Teaching (in any sort of capacity) takes a lot of energy. The colleagues that I respect the most are the ones who not only assess their students’ learning but also reflect on their own teaching. All of this self-reflecting, planning, evaluating, changing course, tweaking, rearranging and implementation takes its toll on the teacher…so at the end of the day (the school day) we all hope that what we are doing is “working”.
As I have said in my previous posts (The Self-Contained Life: #001, #002, and #003) the marriage of my ideals and what I am actually able to accomplish is not as close as I want them to be. But I think it is important to still set my sights high…otherwise I am in danger of doing exactly what can happen with our students. We have low expectations, so the teacher and the student get by with what is minimally required.
I would like to tell you specifically how inclusive education plays out in my neck of the woods. I understand this is my story and my perspective but I trust that seeing how it works through my eyes will provide some insight into what I am trying to do.
A GLORIOUS START
My initial goal for this year was to start the day with absolutely NOBODY in my room. HOW did you plan on doing this you ask? Well…at the beginning of the year, I had enough support staff to have all of my students start the day in a “homeroom” of sorts. Four grade levels…all starting the day with their peers…and it was a beautiful thing. It lasted for about three weeks.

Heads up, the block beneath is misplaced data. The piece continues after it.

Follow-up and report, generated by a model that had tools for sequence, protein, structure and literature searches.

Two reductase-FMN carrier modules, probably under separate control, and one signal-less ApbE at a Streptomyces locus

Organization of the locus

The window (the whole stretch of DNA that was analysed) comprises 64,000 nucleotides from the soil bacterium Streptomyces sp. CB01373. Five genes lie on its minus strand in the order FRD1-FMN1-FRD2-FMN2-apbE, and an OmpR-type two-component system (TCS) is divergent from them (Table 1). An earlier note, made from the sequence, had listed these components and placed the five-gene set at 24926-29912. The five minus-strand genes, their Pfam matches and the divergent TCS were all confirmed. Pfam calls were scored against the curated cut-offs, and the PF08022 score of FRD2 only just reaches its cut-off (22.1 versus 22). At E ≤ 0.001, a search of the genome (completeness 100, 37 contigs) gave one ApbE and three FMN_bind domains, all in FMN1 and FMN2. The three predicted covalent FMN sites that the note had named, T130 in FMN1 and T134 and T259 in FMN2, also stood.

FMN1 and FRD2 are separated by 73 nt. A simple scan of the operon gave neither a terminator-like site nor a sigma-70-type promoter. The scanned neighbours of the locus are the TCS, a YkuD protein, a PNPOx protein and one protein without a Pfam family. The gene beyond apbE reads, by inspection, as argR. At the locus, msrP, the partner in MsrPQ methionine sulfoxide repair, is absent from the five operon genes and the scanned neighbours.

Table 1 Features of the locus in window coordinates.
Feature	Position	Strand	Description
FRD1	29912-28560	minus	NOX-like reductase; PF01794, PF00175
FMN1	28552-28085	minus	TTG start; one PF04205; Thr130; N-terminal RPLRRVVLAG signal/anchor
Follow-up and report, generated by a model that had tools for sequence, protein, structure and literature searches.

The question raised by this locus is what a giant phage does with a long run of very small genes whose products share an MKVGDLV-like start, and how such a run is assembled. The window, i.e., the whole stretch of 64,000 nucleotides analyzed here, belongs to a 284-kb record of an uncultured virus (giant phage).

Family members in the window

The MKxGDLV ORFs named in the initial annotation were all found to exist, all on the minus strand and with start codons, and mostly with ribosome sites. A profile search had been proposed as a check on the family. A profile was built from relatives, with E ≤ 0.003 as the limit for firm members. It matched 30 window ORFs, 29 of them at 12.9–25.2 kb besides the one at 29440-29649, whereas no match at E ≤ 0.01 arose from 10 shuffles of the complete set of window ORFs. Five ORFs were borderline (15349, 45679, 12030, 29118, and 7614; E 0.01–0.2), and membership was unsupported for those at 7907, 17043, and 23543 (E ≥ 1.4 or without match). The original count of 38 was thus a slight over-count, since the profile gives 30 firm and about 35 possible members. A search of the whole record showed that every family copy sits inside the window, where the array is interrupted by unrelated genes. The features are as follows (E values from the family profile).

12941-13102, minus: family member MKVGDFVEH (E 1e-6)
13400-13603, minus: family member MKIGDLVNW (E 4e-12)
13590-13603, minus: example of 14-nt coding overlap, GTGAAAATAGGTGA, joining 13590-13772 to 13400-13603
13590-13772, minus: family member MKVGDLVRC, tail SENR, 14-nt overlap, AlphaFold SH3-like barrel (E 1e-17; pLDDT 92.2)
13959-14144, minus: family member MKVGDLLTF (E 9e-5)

AHA! See…inclusion doesn’t work. Well…on the contrary…allotments don’t work. Allotments are the number of teachers and support staff that any particular school can have based on enrollment, the classification of students with disabilities, and the numbers of service time based on their Individualized Education Plan (IEP). It is a formula that I can’t sufficiently explain. The reality of the matter is that when the “student count day” happens near the end of August (for our school district anyways) there is a reshuffling. This meant that our school staff lost a couple of paraprofessional positions. Which in turn meant that for the students that were being supported in general education…inclusion time had to be cut. The only student’s time that was not cut, was the student that is fully included in 3rd grade with a one-on-one paraprofessional. The difference lies in that his inclusion in general education was integrated in his IEP. Something that I am going to have to do going forward is make sure that any time spent in an inclusion setting is put into an IEP so that is not just “something nice” we do for the student.
So yes…for about three weeks, ALL my students were going to AT LEAST one general education segment each day. And it was working…as best as you can expect running to and fro, classroom to classroom. I am sure my paraprofessionals were not as excited as I was. It was a feverish pace and looking back…it was probably a good thing that it was scaled back. The only reason I say that, is because of the slower pace…I am more prepared to handle things when they do go wrong.